I love to swim. I’m not a very strong swimmer, but I love it. I did a couple of mini triathlons when I was younger and tried to train hard so the swimming portion wouldn’t hurt me, but it never helped. One year I did a triathlon in the police games, the mile swim was in a lake, and I was last out of the water. Ouch.
I still love to plod along either in a pool or in the ocean and I have a great respect for those hardy souls who swim well and swim far, whether it be in a grueling race like an Ironman triathlon or some of the impressive long distance swims I’ve read about. I’m in awe of people who have the determination and stamina to train and compete in all extreme sports. But nothing boggles my mind like open water swimming Here’s a list of seven swims, swims extreme swimmers call “Ocean’s Seven” that are formidable:
- English Channel (21 miles)
- Catalina Channel (21 miles)
- Cook Strait in New Zealand (16 miles)
- Tsugaru Channel in Japan (11 miles)
- Strait of Gibraltar (8 miles between Spain and Morocco the shortest swim)
- Molokai Channel in Hawaii (26 miles, said to be the toughest)
- The North Channel between Scotland and Northern Ireland (21 miles and the coldest)
The list is attributed to a Steven Munatones who blogs about open water swimming and considers the goal of completing the Oceans Seven reasonable for a well rounded marathoner. The main hazard that comes to my mind when I read this list it, of course, sharks. But I’ve learned that jellyfish stings and current changes are also big challenges to overcome. I would imagine that completing an extreme swim is as much mental as physical. A person would have to be convinced they were able so that when they encountered problems or dangers they could “gut it out” so to speak, and keep swimming.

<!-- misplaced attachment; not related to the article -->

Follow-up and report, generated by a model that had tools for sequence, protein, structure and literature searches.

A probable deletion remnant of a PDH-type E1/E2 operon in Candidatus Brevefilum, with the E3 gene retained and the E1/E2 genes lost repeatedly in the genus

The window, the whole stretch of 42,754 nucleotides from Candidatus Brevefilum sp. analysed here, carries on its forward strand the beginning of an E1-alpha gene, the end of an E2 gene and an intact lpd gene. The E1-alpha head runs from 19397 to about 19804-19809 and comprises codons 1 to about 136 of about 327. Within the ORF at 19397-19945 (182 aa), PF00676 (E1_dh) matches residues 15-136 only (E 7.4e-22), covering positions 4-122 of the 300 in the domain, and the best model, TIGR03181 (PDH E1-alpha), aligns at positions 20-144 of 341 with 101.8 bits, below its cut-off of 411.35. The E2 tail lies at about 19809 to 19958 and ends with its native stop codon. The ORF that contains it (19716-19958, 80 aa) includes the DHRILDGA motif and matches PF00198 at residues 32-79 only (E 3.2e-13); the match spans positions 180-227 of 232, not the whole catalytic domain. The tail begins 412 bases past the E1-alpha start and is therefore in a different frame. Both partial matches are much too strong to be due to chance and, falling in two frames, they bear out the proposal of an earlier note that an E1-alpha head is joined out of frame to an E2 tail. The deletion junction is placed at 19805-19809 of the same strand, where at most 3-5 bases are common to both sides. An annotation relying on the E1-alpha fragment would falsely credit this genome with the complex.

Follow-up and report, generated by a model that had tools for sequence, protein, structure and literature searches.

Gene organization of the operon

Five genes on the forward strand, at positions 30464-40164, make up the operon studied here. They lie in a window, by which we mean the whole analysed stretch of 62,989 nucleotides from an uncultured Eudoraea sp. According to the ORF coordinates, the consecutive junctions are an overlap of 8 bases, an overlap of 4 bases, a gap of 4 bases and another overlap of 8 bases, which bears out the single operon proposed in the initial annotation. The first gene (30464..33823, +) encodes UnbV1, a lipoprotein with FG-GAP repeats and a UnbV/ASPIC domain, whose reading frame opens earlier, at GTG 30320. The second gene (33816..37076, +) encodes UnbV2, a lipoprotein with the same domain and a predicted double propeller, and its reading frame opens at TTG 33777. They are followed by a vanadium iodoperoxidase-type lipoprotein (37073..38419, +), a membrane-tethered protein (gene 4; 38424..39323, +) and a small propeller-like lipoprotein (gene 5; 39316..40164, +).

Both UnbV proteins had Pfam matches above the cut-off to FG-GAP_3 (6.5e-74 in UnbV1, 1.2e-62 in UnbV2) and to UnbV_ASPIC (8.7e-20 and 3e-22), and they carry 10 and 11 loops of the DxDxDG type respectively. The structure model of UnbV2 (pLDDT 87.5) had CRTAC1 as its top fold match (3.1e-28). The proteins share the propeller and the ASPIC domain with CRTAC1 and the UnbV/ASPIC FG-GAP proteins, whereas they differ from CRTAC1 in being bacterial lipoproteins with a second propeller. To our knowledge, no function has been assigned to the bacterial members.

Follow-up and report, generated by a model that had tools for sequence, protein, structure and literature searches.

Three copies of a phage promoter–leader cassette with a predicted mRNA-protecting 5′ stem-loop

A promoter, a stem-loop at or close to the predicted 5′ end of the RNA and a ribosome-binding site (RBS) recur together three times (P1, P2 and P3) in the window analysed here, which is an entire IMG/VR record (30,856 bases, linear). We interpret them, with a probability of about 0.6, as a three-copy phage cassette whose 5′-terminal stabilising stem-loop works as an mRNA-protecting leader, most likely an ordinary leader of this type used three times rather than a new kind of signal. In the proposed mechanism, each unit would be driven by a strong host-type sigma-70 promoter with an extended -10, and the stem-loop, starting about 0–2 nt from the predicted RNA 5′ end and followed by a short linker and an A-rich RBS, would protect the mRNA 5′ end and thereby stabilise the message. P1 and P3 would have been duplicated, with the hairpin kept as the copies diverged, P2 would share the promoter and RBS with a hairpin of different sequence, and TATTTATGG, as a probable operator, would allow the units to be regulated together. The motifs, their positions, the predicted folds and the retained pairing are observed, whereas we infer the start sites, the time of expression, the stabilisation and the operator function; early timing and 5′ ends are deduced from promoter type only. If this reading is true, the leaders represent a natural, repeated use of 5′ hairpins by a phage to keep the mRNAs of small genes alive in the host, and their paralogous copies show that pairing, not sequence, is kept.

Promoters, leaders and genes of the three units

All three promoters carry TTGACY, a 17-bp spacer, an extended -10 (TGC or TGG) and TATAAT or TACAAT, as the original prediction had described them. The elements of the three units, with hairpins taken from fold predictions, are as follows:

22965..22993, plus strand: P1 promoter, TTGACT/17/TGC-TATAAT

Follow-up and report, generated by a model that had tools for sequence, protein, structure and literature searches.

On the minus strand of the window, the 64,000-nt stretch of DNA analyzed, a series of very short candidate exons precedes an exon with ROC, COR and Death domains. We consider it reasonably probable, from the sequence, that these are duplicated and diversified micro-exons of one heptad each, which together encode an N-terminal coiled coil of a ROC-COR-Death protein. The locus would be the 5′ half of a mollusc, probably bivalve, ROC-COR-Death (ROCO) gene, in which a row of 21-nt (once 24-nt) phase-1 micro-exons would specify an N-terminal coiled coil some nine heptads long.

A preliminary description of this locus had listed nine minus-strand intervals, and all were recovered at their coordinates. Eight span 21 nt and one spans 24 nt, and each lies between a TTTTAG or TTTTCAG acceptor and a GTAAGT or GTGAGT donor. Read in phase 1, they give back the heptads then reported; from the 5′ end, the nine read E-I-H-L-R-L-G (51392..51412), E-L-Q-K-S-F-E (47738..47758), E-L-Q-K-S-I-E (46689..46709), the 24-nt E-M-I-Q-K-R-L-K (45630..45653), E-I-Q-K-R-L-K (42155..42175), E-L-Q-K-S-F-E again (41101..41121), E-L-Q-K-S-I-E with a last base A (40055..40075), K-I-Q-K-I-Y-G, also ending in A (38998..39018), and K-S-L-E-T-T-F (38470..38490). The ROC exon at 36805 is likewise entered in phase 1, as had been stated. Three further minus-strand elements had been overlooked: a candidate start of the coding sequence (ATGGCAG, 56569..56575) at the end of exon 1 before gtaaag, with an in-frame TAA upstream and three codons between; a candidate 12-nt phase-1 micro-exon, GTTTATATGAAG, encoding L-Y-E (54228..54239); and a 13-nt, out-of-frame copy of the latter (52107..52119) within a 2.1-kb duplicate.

This weekend I read about a 61 year old woman, Diana Nyad who plans to become the first woman to swim the Florida Straits (from Havana to the Florida Keys) without the aid of a shark cage. Wow. Did I mention that the distance is 103 miles and will take about 60 hours? Double wow. (Update: Diana didn’t make it, she pulled herself out of the water after 30 hours. Yeah, 30)
Because of my respect for those who can overcome physical and mental obstacles to complete even one of the swims listed above, the main character in my next novel is an open water swimmer. The story is not about swimming, she earns her living as a police officer, but I think giving her a background as a swimmer helps to frame her personality and gives her character some depth. My character will also compete in the Maui Channel Swim, a 9.6 six-mile open water swim between the islands of Lanai and Maui. And for authenticity, I’ll have to make the trip to Maui to do a little research on the race. It’s held September 3, over the Labor Day weekend, so I’ll have to blog about it when I get back. Life is rough being a writer.
1 thought on “The Character of Extreme Swimmers”
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